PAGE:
South Korean intelligence agency accused North Korea of attempting to steal information on coronavirus vaccines and treatments by hacking Pfizer, the US pharmaceutical firm that partnered with Germany’s BioNTech to develop the world’s first COVID-19 vaccine.
The Pfizer-BioNTech vaccine won approval from authorities late last year before being rolled out across the world.
North Korea has been under self-imposed isolation since closing its borders in January last year and leader Kim Jong Un has repeatedly insisted that the country has had no coronavirus cases.
Seoul’s National Intelligence Service “briefed us that North Korea tried to obtain technology involving the COVID vaccine and treatment by using cyberwarfare to hack into Pfizer,” Ha Tae-keung, an opposition member of South Korea’s parliamentary intelligence panel said.
Ha did not elaborate on the timing or success of the attempt.
The revelation follows attempts last year by suspected North Korean hackers to break into the systems of at least nine healthcare companies including Johnson & Johnson, Novavax and AstraZeneca.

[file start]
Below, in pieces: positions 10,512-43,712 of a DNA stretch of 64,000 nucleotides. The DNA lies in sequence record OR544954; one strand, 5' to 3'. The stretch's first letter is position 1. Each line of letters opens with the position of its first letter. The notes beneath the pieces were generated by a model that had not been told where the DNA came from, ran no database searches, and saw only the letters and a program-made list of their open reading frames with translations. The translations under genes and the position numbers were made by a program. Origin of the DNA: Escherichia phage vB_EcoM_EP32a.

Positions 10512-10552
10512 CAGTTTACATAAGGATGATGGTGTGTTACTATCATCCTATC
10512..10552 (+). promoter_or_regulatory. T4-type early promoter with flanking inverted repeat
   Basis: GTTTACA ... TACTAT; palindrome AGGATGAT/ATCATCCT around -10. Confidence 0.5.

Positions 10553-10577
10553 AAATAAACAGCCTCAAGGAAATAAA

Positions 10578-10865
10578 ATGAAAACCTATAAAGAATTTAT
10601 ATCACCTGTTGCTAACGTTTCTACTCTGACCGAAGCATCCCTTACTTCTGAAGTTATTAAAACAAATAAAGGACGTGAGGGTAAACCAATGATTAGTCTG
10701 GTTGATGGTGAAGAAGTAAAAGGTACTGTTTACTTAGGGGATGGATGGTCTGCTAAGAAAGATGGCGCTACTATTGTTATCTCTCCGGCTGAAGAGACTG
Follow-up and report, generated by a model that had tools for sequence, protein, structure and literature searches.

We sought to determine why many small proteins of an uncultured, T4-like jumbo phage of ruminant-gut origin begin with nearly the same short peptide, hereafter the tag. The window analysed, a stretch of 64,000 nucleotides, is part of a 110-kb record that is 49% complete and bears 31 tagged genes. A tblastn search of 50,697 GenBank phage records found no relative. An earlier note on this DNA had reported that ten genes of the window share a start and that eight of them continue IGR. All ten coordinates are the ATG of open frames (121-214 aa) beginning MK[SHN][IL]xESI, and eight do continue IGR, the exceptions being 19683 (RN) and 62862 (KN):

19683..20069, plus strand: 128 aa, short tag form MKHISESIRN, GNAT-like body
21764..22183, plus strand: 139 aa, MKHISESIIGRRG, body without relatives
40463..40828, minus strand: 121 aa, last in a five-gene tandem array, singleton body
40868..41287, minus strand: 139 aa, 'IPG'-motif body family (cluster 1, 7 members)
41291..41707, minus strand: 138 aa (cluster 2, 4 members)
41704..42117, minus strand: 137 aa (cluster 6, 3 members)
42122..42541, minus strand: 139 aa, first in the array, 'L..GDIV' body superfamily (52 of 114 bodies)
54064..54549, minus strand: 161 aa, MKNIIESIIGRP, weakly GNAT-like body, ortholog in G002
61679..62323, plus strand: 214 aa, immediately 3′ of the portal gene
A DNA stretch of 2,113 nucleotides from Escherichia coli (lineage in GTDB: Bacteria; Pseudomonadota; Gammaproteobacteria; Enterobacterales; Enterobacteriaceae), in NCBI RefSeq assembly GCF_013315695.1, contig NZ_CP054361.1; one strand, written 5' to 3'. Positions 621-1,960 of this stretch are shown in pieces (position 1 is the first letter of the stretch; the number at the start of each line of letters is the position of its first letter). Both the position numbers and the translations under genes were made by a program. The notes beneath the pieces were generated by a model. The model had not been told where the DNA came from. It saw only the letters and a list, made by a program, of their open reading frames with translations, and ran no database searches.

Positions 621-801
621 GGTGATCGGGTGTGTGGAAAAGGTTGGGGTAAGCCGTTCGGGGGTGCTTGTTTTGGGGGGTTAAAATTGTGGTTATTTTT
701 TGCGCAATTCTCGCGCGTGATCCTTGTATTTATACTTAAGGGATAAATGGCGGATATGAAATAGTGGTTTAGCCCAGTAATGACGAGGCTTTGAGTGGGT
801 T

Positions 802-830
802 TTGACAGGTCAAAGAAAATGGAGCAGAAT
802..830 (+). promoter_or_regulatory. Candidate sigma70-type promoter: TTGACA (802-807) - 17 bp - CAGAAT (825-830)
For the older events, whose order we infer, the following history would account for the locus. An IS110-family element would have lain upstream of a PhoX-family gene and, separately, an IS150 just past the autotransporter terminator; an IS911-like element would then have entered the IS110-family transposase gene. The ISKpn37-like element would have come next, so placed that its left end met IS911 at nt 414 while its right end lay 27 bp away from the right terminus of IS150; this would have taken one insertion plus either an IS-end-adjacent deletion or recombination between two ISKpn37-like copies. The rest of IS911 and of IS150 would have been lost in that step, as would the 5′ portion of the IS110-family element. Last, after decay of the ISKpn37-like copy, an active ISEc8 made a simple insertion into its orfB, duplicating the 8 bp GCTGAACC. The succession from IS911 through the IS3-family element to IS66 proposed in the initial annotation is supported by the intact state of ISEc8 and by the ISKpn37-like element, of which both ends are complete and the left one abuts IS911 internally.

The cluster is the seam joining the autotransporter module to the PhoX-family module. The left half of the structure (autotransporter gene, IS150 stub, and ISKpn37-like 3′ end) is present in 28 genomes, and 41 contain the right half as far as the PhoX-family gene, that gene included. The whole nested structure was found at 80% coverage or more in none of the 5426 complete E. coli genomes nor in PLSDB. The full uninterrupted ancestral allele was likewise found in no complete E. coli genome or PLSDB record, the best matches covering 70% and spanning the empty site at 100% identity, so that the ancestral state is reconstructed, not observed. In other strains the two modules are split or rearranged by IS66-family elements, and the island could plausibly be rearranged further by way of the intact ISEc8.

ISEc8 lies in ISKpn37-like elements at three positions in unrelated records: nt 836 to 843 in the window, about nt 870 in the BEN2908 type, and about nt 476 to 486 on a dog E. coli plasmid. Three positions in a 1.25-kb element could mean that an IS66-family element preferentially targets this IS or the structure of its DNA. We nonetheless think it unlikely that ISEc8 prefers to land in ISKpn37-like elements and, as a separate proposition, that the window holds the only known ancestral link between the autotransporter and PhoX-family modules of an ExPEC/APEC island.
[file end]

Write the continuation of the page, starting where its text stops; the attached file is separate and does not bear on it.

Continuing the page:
Digital espionage directed at health agencies, vaccine scientists and pharmaceutical makers has surged during the COVID-19 pandemic.
North Korea is often accused of turning to an army of hackers to make money as international sanctions has crippled its economy.
Meanwhile, the isolated nation is expected to receive nearly two million doses of the vaccine developed by AstraZeneca and Oxford University by the first half of this year as part of the World Health Organization-backed COVAX vaccine-sharing programme.